Our take on fillers for acne scarring: They work and you’ll see improvement so it might be worth giving them a shot if you can afford the treatment.

3) Laser Resurfacing

Use for: Scars and Discoloration

We’re just going to say this outright — laser resurfacing isn’t our favorite method of treating post-acne scarring. If you disagree with us below make sure to leave a comment telling us why!

First of all there are actually many different types of laser treatments. Some of these include Fraxel, Smoothbeam, YAG, and CO2 lasers. The name actually refers to the type of laser technology used. Fraxel is the newest and perhaps the most sophisticated of the bunch, because not only does it resurface but it’s also supposed to promote collagen production in the skin.

Each laser has the same end goal in mind (to eventually improve the quality of your skin) and they each essentially resurface the skin by “burning” off the top layer. This may sound scary, but most of the time it just feels like a light sunburn and the pain is relatively minimal.

You’ll probably get a numbing cream beforehand to help you deal with any pain. Although, pain probably isn’t the right word. A better one would probably be “irritation” but we guess it depends on your “pain” tolerance. You may get a few tiny little red dots afterward but these aren’t that noticeable and are temporary

So after all this you may be wondering “How come you guys don’t like laser treatments?” Because some people respond to treatments better than others and the ones who DON’T respond well suffer greatly for it. There are people that report losing “fat” off their face, their skin becoming saggy, and leaving the office with worse skin than they come in with. This “fat” loss is from the skin tissue atrophying and it’s usually caused by stronger lasers.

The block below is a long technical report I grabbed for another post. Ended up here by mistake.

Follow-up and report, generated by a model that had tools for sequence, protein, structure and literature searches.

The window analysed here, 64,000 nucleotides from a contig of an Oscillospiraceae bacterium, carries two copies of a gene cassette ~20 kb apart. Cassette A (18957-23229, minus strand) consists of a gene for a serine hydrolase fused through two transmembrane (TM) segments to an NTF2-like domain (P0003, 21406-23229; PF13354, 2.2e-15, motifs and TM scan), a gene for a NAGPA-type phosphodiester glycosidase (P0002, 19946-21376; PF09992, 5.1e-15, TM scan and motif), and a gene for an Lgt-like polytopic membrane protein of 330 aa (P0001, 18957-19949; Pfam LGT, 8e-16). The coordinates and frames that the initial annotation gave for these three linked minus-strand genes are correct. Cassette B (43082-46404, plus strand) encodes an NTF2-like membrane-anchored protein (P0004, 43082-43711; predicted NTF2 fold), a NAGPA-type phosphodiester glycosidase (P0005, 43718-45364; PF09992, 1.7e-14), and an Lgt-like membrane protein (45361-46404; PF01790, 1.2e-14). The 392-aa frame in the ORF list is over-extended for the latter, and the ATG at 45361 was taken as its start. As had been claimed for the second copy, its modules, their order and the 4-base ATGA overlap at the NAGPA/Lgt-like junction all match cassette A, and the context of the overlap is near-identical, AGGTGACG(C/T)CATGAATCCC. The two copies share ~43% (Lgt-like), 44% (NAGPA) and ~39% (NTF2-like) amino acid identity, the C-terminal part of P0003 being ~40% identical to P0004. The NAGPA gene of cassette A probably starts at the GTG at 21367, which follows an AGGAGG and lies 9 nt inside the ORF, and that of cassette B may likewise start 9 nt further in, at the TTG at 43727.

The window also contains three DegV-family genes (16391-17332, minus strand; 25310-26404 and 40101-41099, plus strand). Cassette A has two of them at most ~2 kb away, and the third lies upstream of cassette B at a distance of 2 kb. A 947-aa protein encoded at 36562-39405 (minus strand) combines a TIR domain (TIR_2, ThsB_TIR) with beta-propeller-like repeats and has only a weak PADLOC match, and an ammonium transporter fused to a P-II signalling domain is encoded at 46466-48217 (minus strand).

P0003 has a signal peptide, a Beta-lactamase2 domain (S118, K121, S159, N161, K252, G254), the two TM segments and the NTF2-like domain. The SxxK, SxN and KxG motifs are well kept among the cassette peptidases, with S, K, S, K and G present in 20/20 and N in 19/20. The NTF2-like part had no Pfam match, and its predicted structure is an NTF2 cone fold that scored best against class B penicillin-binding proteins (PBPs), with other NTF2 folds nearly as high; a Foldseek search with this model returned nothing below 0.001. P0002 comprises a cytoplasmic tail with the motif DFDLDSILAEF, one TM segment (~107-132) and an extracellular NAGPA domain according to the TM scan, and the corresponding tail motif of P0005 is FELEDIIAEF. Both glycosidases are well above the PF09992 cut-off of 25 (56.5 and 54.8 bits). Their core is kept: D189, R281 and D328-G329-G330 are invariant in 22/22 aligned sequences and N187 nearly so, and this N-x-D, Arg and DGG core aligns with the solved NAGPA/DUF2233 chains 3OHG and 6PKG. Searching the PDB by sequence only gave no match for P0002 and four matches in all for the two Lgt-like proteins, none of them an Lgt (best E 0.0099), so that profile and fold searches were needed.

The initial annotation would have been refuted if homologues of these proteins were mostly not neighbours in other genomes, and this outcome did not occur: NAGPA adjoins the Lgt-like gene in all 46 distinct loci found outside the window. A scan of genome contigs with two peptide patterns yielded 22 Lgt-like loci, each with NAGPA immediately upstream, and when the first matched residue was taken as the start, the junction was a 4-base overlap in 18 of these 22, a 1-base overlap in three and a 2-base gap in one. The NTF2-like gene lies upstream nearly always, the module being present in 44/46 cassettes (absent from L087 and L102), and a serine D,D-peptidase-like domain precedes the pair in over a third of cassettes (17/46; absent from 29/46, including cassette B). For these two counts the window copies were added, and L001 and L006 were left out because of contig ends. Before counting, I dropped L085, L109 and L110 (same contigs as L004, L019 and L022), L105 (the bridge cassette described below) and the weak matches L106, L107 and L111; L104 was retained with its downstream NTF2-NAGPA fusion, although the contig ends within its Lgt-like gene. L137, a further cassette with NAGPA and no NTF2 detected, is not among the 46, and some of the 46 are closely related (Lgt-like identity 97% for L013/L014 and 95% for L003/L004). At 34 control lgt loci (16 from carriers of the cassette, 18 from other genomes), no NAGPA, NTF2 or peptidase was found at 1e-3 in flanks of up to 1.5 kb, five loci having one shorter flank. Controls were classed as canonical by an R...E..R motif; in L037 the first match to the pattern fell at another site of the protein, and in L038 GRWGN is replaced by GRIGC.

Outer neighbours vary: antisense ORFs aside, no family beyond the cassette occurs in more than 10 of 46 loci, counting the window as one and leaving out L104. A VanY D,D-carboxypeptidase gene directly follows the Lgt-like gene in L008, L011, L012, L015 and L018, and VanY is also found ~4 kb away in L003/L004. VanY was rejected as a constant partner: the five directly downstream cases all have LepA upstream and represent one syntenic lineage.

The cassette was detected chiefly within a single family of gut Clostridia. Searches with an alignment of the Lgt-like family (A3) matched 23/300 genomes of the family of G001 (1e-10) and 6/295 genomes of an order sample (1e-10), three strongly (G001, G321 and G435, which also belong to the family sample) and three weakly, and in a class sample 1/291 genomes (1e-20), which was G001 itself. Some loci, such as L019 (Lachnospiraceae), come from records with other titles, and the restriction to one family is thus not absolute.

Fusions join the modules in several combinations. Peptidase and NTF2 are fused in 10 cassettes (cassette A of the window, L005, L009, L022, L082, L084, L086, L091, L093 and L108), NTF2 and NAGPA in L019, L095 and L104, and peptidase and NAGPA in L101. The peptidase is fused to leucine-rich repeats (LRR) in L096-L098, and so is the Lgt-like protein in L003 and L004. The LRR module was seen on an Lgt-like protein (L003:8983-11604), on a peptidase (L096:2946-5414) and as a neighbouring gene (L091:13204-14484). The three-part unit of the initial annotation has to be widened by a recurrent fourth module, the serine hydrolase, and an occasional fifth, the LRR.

Some people report their skin becoming permanently sensitive, others report worse scarring than before, others see no improvement at all. A quick google search should be able to get you page after page of horror stories (along with successes) of people unsatisfied with their results

Because the consequences are so severe if it doesn’t work for you and the treatment is relatively expensive we can’t recommend laser therapy when there are safer and more affordable options around.

If you do choose to get laser treatment done plan to schedule multiple sessions because one is rarely enough. It’s also VERY important to find a skilled doctor or someone who knows what they’re doing. You don’t want someone ruining your skin because they improperly handled the laser or used too high of a setting. This is powerful stuff.

You should also avoid stepping outside for about a week because once again, your skin becomes VERY sensitive to UV light.

4) Punch Excision & Subcision

Use For: Scars Only

Excision and subcision are both surgical methods of removing acne scars.

During excision, a small cut the is made to remove the scar and the wound is then closed and stitched up with a suture. It’s best used for ice pick scarring, and other deeper, open pore type of scars. This procedure often leaves newer scars behind but they’re smaller and less noticeable than the original. It takes about six weeks for the skin to fully heal.